Ukraine needs security guarantees that would mean signatories to any deal would have to “actively participate on the side of Ukraine” in any future conflict and provide support and weapons, he said. He also made a plea for a no-fly zone, which has so far been rejected by NATO.

“Ukraine has never been a militaristic state that attacked or planned to attack its neighbors,” he added. “That is why today Ukraine wants to have a powerful pool of allies with clearly defined security guarantees.”

A day earlier, the tone from Moscow was less optimistic, with President Vladimir Putin stating that the talks were at an impasse and a breakthrough was far off. He told a European Council leader Tuesday that Kyiv was “not showing a serious commitment to finding mutually acceptable solutions. “

A crucial point of contention for Russia has been Ukraine’s long-standing desire to join the NATO military alliance, one of the rationales used by Moscow to justify its invasion.

Since Russia’s annexation of Crimea in 2014, Ukraine has made joining NATO a priority. However, on Tuesday, Zelensky suggested a softer stance on NATO membership.

“It is clear that Ukraine is not a member of NATO. We understand this,” Zelensky said during an address to leaders of 10 North Atlantic countries led by Britain, a group known as the Joint Expeditionary Force. “For years we heard about the apparently open door, but have already also heard that we will not enter there, and these are truths and must be acknowledged.”

British Prime Minister Boris Johnson told reporters Wednesday that he had spoken to Zelensky, who understood the “reality of the position” regarding joining the alliance. Johnson said that Britain has ruled out any prospect of Ukraine joining the 30-member group “any time soon.”

“Everybody has always said - and we’ve made it clear to Putin - there’s no way Ukraine is going to join NATO anytime soon,” Johnson said. “But the decision about the future of Ukraine has got to be for the Ukrainian people.”

Meanwhile, NATO defense ministers gathered in Brussels Wednesday to discuss ways of helping Ukraine and deterring Russian aggression without getting drawn into a wider conflict. Over the past two months, the alliance has sent thousands of extra troops to its eastern flank and activated NATO’s Response Force for the first time. Its members have also sent tons of ammunition and weaponry into Ukraine.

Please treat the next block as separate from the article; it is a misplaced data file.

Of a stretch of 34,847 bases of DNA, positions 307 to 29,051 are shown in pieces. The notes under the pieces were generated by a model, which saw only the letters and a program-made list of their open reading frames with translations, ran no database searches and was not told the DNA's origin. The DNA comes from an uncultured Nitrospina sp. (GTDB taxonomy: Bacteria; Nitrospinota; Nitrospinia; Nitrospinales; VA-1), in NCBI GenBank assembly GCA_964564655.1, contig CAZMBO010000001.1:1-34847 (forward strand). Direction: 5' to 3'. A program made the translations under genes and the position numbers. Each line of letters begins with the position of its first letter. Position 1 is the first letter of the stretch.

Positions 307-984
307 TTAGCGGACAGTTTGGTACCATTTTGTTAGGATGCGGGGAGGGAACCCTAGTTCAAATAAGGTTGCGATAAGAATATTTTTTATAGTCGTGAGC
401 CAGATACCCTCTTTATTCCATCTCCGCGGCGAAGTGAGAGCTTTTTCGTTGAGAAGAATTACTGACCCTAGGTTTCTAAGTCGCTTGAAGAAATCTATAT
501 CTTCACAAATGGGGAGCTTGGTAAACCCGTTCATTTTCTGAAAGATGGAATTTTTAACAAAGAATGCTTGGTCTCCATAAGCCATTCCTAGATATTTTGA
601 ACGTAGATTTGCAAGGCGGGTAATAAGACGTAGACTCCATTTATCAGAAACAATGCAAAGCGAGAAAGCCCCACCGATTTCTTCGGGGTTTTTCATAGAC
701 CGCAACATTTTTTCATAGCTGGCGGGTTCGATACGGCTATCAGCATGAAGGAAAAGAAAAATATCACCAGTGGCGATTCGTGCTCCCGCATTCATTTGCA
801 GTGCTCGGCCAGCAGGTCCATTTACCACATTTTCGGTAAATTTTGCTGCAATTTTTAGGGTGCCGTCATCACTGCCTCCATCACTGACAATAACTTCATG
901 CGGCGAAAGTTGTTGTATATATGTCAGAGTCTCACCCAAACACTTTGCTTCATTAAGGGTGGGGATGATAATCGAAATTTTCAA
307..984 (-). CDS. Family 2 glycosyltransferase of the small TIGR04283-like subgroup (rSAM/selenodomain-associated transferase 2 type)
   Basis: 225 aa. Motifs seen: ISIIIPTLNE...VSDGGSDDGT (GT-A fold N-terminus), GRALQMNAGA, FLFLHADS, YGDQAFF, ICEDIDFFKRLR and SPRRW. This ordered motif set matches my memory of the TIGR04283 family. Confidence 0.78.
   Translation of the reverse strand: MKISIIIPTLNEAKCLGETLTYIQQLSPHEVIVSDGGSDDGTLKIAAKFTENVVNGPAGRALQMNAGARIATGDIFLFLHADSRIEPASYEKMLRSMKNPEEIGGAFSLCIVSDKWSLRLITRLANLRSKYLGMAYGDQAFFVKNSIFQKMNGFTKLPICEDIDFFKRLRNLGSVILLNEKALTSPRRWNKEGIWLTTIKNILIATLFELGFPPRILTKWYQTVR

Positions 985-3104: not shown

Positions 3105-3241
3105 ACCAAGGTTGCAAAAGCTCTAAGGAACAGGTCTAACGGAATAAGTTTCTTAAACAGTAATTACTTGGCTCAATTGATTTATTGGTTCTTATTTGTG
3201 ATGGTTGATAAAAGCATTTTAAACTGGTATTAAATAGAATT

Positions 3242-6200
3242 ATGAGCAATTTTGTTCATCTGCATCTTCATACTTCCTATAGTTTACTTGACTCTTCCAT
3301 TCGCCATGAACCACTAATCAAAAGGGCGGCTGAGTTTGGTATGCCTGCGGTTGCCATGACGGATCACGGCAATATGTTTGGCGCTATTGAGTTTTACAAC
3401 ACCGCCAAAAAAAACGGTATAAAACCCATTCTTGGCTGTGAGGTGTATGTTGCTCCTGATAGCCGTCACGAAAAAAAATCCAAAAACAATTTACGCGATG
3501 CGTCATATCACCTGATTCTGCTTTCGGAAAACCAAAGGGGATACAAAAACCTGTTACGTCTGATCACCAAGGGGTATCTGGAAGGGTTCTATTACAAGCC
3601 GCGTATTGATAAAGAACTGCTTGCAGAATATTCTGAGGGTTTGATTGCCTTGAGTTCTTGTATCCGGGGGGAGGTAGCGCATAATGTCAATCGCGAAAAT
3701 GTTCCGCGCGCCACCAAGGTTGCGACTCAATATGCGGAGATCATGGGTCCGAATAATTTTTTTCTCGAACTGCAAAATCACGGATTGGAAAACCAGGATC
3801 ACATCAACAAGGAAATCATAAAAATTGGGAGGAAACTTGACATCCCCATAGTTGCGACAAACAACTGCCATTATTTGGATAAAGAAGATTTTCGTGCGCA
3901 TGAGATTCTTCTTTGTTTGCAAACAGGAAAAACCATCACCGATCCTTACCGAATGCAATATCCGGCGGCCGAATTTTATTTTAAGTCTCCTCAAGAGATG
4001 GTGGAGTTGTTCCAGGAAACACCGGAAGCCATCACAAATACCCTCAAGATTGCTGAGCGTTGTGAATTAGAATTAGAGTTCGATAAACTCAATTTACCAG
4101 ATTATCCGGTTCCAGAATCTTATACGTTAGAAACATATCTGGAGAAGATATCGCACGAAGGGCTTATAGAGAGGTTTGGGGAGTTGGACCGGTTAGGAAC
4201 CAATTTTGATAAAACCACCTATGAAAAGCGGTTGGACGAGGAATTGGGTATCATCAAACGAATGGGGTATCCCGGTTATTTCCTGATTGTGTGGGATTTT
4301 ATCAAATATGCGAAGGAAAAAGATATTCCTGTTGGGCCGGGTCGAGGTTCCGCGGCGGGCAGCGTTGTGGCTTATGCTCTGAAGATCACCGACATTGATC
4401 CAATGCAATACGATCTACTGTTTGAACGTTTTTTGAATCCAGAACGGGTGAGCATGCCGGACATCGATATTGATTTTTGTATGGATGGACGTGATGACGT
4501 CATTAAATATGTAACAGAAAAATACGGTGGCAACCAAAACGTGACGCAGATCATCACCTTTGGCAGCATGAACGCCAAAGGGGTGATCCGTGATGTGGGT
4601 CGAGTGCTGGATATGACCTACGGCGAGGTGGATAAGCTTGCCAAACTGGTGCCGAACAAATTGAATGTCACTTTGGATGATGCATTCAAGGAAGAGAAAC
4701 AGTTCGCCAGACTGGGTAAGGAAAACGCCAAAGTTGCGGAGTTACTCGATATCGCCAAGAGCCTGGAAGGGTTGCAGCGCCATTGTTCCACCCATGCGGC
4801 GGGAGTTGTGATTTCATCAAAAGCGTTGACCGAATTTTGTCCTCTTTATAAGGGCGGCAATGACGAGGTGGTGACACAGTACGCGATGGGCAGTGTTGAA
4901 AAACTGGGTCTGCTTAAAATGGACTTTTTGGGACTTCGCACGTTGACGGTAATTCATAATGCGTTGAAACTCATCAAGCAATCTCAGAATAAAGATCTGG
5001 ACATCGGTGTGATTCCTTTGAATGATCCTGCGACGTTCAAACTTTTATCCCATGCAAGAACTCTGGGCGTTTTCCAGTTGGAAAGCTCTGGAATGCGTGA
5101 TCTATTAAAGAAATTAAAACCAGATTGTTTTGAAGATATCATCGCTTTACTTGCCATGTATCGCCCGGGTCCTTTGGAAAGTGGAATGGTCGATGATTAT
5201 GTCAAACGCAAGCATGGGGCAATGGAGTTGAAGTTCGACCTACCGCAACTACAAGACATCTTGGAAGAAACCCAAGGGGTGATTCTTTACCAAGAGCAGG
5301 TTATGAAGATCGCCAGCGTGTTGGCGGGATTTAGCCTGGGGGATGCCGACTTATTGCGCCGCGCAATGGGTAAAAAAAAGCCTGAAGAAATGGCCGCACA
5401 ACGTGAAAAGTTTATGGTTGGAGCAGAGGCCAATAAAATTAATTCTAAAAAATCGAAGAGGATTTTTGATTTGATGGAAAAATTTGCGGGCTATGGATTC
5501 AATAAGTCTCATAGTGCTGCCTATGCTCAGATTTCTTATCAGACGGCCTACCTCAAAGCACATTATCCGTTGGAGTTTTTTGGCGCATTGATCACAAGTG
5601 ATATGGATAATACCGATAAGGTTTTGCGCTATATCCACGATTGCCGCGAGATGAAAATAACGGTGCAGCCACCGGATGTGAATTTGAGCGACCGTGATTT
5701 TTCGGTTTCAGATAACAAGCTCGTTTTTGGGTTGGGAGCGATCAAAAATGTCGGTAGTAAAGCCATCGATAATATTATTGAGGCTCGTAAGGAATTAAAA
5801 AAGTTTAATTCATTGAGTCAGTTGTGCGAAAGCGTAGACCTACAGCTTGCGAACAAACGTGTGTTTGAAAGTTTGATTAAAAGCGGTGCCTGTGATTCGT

Secretary of State Antony Blinken said Tuesday that the United States was working to limit the death and destruction until peace is achieved. The United Nations’ human rights office said Tuesday that since the start of the Russian invasion, it has recorded 691 deaths of civilians overall, of whom at least 48 were children. It has stipulated that the figures are incomplete and the real tolls are probably much higher.

Lavrov, in his lengthy interview Wednesday, also took aim at the United States and said the conflict in Ukraine is “not as much about Ukraine as it is about the legal world order.”

“The U.S. has steamrolled all of Europe,” Lavrov said. “This is an epochal moment in modern history. It reflects the fight for what the world order is going to look like.”

The White House is set to announce $800 million more in security assistance Wednesday, a senior administration official said, as part of a government spending bill that President Joe Biden signed to provide $13.6 billion in new aid to Ukraine. Previous U.S. assistance has included shipments of antiaircraft and anti-armor systems.

The Washington Post’s Hannah Knowles and Maite Fernández Simon contributed to this report.